Negotiators from the European Parliament and EU member states agreed Thursday on a landmark law to curb the market dominance of U.S. big tech giants such as Google, Meta, Amazon and Apple.
Meeting in Brussels, the lawmakers nailed down a long list of do’s and don’ts that will single out the world’s most iconic web giants as internet “gatekeepers” subject to special rules.
The Digital Markets Act (DMA) has sped through the bloc’s legislative procedures and is designed to protect consumers and give rivals a better chance to survive against the world’s powerful tech juggernauts.
“The agreement ushers in a new era of tech regulation worldwide,” said German MEP Andreas Schwab, who led the negotiations for the European Parliament.
“The Digital Markets Act puts an end to the ever-increasing dominance of Big Tech companies,” he added.
The main point of the law is to avert the years of procedures and court battles needed to punish Big Tech’s monopolistic behavior in which cases can end with huge fines but little change in how the giants do business.
Once implemented, the law will give Brussels unprecedented authority to keep an eye on decisions by the giants, especially when they pull out the checkbook to buy up promising startups.
“The gatekeepers – they now have to take responsibility,” said the EU’s competition supremo Margrethe Vestager.
“A number of things they can do, a number of things they can’t do, and that of course gives everyone a fair chance,” she added.
The law contains about 20 rules that in many cases target practices by Big Tech that have gone against the bloc’s rules on competition, but which Brussels has struggled to enforce.
The DMA imposes myriad obligations on Big Tech, including forcing Apple to open up its App Store to alternative payment systems, a demand that the iPhone maker has opposed fiercely, most notably in its feud with Epic games, the maker of Fortnite.
Google will be asked to clearly offer users of Android-run smartphones alternatives to its search engine, the Google Maps app or its Chrome browser.
A Google spokesperson told AFP that the US internet giant will “take time to study the final text and work with regulators to implement it.”
“While we support many of the DMA’s ambitions around consumer choice and interoperability, we remain concerned that some of the rules could reduce innovation and the choice available to Europeans,” the spokesperson said.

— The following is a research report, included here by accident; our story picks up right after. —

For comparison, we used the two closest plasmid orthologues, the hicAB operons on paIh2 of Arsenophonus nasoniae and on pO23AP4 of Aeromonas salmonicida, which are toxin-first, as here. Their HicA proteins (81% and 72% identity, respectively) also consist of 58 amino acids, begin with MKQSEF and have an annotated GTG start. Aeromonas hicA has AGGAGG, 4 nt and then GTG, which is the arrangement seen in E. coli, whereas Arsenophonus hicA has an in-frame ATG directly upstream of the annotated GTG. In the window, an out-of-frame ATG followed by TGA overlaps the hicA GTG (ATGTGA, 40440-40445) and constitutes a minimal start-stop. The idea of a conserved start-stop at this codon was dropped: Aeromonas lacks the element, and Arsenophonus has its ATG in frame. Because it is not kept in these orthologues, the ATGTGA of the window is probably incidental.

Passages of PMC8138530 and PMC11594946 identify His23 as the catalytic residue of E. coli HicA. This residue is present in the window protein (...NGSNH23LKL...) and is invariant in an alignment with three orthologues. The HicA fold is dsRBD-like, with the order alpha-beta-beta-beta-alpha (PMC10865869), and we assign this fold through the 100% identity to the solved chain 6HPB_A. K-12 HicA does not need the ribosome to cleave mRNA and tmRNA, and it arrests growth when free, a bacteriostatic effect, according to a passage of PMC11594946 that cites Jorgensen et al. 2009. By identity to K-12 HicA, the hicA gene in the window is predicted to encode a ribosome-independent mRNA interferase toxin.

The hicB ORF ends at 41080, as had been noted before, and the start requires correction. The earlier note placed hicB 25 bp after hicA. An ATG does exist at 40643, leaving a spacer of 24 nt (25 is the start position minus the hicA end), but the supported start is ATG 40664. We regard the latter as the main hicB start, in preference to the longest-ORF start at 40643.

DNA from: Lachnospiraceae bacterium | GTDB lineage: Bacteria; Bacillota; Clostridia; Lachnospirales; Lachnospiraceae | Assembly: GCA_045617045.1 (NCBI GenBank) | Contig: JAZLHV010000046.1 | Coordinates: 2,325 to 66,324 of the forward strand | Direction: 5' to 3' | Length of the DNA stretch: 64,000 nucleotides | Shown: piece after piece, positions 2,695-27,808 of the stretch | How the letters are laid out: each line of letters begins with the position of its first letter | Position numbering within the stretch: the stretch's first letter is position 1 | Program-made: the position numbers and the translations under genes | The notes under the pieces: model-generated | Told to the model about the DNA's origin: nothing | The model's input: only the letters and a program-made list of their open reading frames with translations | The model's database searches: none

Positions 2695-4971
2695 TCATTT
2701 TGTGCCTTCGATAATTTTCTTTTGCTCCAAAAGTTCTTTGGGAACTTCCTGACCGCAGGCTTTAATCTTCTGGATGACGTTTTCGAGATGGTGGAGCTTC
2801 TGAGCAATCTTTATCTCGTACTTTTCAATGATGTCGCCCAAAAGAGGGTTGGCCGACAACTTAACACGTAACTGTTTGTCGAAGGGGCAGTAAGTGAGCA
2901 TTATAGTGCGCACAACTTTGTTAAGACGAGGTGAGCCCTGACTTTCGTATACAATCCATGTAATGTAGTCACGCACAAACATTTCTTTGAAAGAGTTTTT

Apple would also be forced to loosen its grip on the iPhone, with users allowed to uninstall its Safari web browser and other company-imposed apps that users cannot currently delete.
In a statement, Apple swiftly expressed regret over the law, saying it was “concerned that some provisions of the DMA will create unnecessary privacy and security vulnerabilities for our users.”
After a furious campaign by influential MEPs, the law also forces messaging services such as Meta-owned WhatsApp to make themselves available to users on other services such as Signal or Apple’s iMessage, and vice versa.
France, which holds the EU presidency and negotiated on behalf of the bloc’s 27 member states, said the law would deliver “concrete impacts on the lives of European citizens.”
“We are talking about the goods you buy online, the smartphone you use every day, and the services you use every day,” said France’s digital affairs minister, Cedric O.
Violation of the rules could lead to fines as high as 10% of a company’s annual global sales and even 20% for repeat offenders.
The DMA “will have a profound impact on the way some gatekeepers’ operations are currently conducted,” said lawyer Katrin Schallenberg, a partner at Clifford Chance.
“Clearly, companies affected … are already working on ways to comply with or even challenge the regulation,” she added.
The Big Tech companies have lobbied hard against the new rules and the firms have been defended in Washington, where it is alleged that the new law unfairly targets U.S. companies.
With the deal now reached by negotiators, the DMA now faces final votes in a full session of the European Parliament as well as by ministers from the EU’s 27 member states.
The rules could come into place starting Jan. 1, 2023, though tech companies are asking for more time to implement the law.